Everybody sings the praises of Kendrick Scott. The New York Times quickly named him as one of "Five Drummers Whose Time Is Now." On the drums, he transforms into a masterful and exquisite sonic architect whose work is filled with imaginative capacity. Yet Scott is what they call a triple threatfilling roles not only as a drummer, but also as a striking composer and band leader.
His latest album Conviction by his band Oracle features work that is not only spiritually and consciously driven, but is also aesthetically audacious. The distinctive line-up features pianist Taylor Eigsti
. Scott and his band are not afraid of sentimentality and truth-telling which makes the depth of Oracle's music incapable of being missed. In his compositions and arrangements, Scott's interior-self shines through. He says his philosophy of life is to do good to others who occupy his space through continual acts of surrender and giving. You can feel that in his music.
Conviction's titles, compositions, and arrangements also provoke a unique context of questions that engage the existential and spiritual. The result is numerous possibilities for inner dialogue and self-revelation that previously might have been hard to enunciate. This is what makes Scott's music rare and exceptional. It's why he's leaving an indelible mark on what this generation calls jazz.
All About Jazz: On your outstanding album Conviction, there are three titles that evoke feelings about human rights and democracy. The titles I am referring to are, "I Have a Dream," "We Shall by Any Means," and "Liberty or Death." Could you share your inspiration behind these titles?
Kendrick Scott: For each of these, it's funny how everything came together. As I was composing, I was thinking about the juxtaposition of violence and non-violence. For each of these (pieces) you have two sides of the coin, and the themes represent a different side of the same conviction, which is, the conviction of the non-violent dreamer and the conviction of the seemingly violent man. I wanted to juxtapose the thought process of two influential black leaders, who I believe, wanted the same end. If that makes any sense? In the case of Malcolm X, I wanted to show how strong convictions, over time, are amended by intelligent people as in the case of his huge influence of people outside of his race. The first song of that trilogy is written by Herbie Hancock and he's played such an important, huge role in my life and because of my understanding of music as a reflection of life in general, I had to have a song by him. Moreover, the fact that he composed such a beautiful song about Martin Luther King Jr., was an even greater reason for me to include him on this album, and it is one of the things that kind of inspired the rest of the composing. Then there is "Liberty or Death" which is the other side of the coin.
In the studio, we played "I Have a Dream" and had Joe Sanders play an improvised solo in between "I Have a Dream" and "Liberty or Death." What I tried to do is put those two concepts into one. Taking the song "We Shall Overcome" and the phrase "By Any Means Necessary," we decided to merge them into one title which becomes "We Shall by Any Means Necessary." I wanted to also create some dialogue about engaging the world around me in which certain issues still span in our lives today, even though they are in different forms. That's what I was going for.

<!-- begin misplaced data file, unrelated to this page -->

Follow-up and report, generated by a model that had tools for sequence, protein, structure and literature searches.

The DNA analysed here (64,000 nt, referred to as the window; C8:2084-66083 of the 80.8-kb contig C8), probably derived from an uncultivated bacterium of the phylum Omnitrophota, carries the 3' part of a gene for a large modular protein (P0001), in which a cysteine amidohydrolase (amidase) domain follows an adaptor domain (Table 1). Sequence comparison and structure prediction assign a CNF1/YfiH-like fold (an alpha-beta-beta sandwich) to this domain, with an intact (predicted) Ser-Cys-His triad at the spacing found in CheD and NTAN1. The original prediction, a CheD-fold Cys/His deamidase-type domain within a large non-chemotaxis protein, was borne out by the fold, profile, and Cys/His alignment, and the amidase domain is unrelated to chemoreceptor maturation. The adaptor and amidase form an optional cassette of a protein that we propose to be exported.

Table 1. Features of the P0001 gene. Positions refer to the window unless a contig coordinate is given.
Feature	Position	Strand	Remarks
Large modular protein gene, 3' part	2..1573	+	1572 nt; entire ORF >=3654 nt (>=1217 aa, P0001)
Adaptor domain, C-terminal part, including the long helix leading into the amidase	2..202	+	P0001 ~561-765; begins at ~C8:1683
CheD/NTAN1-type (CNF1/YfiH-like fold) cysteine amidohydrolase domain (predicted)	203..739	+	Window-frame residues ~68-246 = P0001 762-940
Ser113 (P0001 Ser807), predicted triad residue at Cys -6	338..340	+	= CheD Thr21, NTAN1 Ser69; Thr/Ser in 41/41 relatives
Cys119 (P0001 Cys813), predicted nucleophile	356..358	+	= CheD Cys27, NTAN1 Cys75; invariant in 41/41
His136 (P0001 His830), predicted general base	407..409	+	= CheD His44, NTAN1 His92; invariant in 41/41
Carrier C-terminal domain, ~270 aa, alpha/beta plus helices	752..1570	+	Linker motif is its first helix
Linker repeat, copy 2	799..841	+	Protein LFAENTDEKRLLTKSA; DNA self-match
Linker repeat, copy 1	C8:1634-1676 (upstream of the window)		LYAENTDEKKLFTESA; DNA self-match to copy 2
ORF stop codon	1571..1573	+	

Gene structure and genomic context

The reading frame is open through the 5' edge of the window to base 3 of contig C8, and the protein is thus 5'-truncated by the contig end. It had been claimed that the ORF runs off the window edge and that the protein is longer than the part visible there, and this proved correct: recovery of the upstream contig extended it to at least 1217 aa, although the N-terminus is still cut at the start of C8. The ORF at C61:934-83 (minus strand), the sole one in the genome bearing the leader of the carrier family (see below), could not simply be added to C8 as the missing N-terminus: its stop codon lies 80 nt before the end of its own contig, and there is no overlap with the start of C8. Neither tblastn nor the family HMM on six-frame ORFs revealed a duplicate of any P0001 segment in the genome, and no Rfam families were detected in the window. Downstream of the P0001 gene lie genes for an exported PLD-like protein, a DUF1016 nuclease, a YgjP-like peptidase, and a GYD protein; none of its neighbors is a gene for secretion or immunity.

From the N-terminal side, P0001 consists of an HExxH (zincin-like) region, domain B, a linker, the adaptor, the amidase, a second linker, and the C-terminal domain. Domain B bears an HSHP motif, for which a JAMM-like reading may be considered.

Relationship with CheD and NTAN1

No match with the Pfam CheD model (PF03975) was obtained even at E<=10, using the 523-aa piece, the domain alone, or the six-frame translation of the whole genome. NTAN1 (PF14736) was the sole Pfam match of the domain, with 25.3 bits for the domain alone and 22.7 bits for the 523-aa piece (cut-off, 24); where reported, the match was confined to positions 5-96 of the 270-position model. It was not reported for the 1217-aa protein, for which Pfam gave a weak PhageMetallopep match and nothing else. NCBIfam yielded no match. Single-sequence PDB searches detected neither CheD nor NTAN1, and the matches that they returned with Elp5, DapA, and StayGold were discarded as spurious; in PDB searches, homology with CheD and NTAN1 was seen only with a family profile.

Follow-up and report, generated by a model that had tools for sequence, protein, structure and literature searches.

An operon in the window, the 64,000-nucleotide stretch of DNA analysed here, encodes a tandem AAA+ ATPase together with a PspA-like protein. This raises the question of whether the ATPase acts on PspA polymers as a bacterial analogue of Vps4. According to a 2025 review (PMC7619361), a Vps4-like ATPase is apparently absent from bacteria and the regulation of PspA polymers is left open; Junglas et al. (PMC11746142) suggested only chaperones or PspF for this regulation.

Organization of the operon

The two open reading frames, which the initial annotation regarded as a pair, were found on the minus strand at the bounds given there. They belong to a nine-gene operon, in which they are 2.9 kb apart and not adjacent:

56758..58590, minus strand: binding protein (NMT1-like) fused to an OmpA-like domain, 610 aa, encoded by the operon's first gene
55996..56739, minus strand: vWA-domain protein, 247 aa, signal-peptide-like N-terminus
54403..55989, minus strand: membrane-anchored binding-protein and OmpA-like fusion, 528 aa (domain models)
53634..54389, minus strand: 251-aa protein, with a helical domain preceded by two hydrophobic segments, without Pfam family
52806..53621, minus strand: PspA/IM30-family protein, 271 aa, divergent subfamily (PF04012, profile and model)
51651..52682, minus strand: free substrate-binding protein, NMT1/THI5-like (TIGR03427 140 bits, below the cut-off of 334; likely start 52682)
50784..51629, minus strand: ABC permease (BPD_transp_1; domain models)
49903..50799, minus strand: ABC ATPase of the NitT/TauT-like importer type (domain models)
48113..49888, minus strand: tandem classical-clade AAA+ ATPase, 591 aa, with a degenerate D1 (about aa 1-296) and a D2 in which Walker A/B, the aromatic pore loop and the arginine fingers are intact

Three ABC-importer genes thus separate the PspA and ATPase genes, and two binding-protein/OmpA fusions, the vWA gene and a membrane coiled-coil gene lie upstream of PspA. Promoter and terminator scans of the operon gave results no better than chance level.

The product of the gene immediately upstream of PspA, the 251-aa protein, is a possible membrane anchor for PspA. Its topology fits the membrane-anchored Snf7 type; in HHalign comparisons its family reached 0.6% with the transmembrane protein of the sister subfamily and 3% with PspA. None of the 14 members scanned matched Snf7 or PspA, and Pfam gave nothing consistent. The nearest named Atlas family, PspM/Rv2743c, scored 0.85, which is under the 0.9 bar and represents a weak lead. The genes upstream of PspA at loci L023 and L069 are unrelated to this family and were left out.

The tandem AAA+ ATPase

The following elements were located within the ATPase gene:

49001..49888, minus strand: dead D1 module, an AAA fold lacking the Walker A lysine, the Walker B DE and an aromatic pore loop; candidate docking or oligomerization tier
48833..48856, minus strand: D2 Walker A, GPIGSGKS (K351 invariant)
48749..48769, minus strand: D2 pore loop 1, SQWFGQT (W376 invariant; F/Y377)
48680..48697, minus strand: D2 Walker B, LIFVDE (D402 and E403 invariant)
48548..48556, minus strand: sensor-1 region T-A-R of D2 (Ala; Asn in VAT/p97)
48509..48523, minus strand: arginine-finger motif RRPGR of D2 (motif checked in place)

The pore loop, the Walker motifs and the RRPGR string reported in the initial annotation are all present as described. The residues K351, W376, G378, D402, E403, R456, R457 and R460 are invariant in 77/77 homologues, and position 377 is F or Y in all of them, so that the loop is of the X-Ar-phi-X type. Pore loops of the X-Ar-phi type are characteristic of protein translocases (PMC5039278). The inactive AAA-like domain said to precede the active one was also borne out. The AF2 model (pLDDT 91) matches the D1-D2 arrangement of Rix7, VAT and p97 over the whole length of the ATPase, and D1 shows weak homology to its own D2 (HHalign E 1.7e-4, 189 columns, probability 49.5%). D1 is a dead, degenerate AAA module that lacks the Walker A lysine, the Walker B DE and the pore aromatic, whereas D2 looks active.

AAJ: I originally wanted to ask you what kind of messages you desire for your music to say to those who are listening. However, I want to rethink this question after studying more about you and your music. Personally, I don't think you want the audience to get any type of message except for what their conscience or higher power would give them. I think you would want your audience to just get what they get. Right?
KS: Sure. The name Oracle is about creating questions and that is the reason why I picked that name actually. An oracle would just not give answers but provide the questions that would make you look deeper within yourself, so that is why I chose that name. I also was looking at Art Blakey
's Jazz Messengers and I thought to myself, "Oh yeah, music has a message." But I was also thinking maybe people can interpret the message for themselves. So actually, you're totally right.
AAJ: Then I asked about your band as a dialogue partner. Do you feel like when you're playing, or when your band is playing, there is a dialogue happening...unspoken?
KS: I definitely feel that we can feel the energy of the audience, but in some ways I would say that I put more energy in just trying to be the most honest I can be with the music. Hopefully, that translates to the audience more than us 'feeling' the audience to try to please them? If that makes any sense? So when I am composing and preparing my music, I am just trying to put a core of what I feel is pertinent and then, hopefully, if that touches the listener's life that makes it an even greater experience. Even though we want the audience's approval, of course, I still think that we are there to ultimately push ourselves and push the audience.